Volume 5 Supplement 1

Proceedings of the Fifth International Society of Sports Nutrition (ISSN) Conference and Expo

Open Access

The effect of BCAA supplementation on serum insulin secretion before, during, and following a lower-body resistance exercise bout

  • Austin Oetken1Email author,
  • Bill Campbell1,
  • Paul La Bounty1 and
  • Darryn Willoughby1
Journal of the International Society of Sports Nutrition20085(Suppl 1):P20

https://doi.org/10.1186/1550-2783-5-S1-P20

Published: 17 September 2008

Background

Insulin and BCAA have been shown to be anabolic compounds via their augmentation of translation initiation when secreted or ingested before, during, or immediately after an acute resistance exercise (RE) bout. The purpose of this study was to determine the effect of BCAA supplementation on serum insulin secretion in conjunction with a lower body resistance exercise bout.

Methods

In a randomized, double blind, placebo controlled design, 20 recreationally active males (22.7 ± 3.9 yrs; 177.1 ± 7.3 cm; 83.9 ± 11.5 kg) ingested either 120 mg/kg of BCAA (n = 10) divided into 3 equal doses or a placebo (n = 10) in conjunction with a lower body RE bout. The RE bout consisted of 4 sets of leg press at 80% of 1 RM to failure followed by 4 sets of knee extension at 80% 1 RM to failure. Rest periods between sets and exercises were 150 seconds. Supplementation was administered 30 minutes prior, immediately before, and immediately following RE. Serum insulin was obtained at baseline, 30 minutes after the first supplementation administration, as well as immediately post, 30 min, 2 hr, and 6 hr post RE. Serum insulin was analyzed via ELISA (Alpha Diagnostic Intl.). Insulin data were analyzed using SPSS for Windows version 15.0. A 2 × 6 repeated measures ANOVA (mixed methods) with repeated measures on the second factor (time) was utilized.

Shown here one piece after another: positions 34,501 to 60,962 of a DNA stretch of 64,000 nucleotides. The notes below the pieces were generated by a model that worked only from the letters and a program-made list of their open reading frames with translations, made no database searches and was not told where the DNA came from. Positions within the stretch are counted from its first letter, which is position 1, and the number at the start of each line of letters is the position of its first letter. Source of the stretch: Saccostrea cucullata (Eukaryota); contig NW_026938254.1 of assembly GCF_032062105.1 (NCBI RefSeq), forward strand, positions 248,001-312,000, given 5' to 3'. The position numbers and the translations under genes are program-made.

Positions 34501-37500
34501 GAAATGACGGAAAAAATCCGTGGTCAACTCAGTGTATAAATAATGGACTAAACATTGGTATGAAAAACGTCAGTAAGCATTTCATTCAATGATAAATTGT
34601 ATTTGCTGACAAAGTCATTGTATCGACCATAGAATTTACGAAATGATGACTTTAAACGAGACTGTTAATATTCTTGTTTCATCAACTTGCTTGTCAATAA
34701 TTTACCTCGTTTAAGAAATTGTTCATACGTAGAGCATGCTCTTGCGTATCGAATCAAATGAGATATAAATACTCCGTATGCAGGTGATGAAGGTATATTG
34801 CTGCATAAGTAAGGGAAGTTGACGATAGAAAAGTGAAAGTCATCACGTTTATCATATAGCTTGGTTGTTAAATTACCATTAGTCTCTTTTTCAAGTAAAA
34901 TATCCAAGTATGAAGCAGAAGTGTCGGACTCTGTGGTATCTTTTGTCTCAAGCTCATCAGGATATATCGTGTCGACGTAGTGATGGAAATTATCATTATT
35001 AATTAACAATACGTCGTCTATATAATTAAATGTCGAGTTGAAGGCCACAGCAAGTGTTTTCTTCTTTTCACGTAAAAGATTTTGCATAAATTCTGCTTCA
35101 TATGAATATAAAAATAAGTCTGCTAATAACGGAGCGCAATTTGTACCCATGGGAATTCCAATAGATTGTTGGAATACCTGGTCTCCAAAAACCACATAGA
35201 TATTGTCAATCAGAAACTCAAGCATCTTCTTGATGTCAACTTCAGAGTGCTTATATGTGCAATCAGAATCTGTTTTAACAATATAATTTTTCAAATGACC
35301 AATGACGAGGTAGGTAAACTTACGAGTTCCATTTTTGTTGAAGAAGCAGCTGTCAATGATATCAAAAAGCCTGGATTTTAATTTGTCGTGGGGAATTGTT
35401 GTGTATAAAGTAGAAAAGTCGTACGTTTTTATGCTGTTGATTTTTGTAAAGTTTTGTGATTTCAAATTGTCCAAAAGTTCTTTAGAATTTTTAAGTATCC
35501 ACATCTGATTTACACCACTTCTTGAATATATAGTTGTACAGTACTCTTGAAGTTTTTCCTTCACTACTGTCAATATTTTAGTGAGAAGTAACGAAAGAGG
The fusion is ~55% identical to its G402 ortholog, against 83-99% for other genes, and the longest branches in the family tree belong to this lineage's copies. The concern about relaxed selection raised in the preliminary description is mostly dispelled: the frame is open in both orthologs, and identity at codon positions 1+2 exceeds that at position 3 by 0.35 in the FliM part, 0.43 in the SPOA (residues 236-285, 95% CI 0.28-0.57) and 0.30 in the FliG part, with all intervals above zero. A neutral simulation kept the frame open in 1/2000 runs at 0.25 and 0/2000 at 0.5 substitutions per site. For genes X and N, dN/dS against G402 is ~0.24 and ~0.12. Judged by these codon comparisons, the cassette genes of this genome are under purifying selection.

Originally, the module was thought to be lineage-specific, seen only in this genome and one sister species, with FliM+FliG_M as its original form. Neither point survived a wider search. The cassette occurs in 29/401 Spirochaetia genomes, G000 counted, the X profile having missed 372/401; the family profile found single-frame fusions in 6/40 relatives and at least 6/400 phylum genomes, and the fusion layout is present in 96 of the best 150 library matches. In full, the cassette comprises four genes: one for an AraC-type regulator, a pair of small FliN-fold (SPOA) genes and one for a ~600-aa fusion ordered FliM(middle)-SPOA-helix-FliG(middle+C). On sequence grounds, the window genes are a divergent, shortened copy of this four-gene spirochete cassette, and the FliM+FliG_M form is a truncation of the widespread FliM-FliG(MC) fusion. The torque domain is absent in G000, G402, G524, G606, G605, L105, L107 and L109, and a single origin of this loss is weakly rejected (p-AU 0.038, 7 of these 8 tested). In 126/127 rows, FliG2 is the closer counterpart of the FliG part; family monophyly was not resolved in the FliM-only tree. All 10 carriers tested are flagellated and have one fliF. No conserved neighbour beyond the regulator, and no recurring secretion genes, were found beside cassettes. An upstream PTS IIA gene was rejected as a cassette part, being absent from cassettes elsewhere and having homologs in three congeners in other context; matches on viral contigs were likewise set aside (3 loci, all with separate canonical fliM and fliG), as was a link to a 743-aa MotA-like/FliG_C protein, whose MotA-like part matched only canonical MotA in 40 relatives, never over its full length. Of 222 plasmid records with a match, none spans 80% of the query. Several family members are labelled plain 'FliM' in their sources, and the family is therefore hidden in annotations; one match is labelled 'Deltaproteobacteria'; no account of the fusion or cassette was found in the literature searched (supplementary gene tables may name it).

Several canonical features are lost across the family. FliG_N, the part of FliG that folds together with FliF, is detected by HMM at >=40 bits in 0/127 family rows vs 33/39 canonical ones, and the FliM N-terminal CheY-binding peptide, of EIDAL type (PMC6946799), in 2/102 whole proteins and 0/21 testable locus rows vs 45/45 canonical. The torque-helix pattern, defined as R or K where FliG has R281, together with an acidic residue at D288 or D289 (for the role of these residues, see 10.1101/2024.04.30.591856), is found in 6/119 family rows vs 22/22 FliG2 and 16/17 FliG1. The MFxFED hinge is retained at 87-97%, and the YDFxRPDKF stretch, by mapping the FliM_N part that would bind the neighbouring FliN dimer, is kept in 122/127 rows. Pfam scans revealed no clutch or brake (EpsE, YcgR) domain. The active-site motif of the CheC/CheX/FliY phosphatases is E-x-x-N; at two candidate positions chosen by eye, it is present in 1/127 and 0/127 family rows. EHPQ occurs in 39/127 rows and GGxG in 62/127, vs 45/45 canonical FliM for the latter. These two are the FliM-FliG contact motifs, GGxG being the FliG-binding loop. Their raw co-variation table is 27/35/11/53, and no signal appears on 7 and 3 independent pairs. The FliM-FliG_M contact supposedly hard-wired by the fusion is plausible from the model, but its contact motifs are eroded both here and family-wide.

Results

Data are reported as means ± SD. Serum insulin values at baseline, 30 minutes after the first supplementation administration, immediately post, 30 min, 2 hr, and 6 hr post RE were 19.2 ± 7.8, 23.0 ± 9.6, 25.3 ± 12.9, 24.8 ± 14.3, 19.0 ± 9.0, 15.8 ± 6.4 and 22.0 ± 11.1, 22.0 ± 11.6, 27.8 ± 9.6, 24.1 ± 9.3, 17.9 ± 9.4, 21.2 ± 13.5 for the BCAA and placebo groups, respectively. A main effect for time (p < .001) was observed, but no main effect was observed for group (p = .730). Furthermore, no statistically significant differences in insulin values between the BCAA and placebo groups was observed (p = .211).

Conclusion

At a dosage of 120 mg/kg of bodyweight, it appears that BCAA supplementation does not increase serum insulin values to a greater extent than an acute bout of resistance exercise alone.

Authors’ Affiliations

(1)
Baylor University, Exercise & Biochemical Nutrition Laboratory

Copyright

© Oetken et al; licensee BioMed Central Ltd. 2008

This article is published under license to BioMed Central Ltd.

Advertisement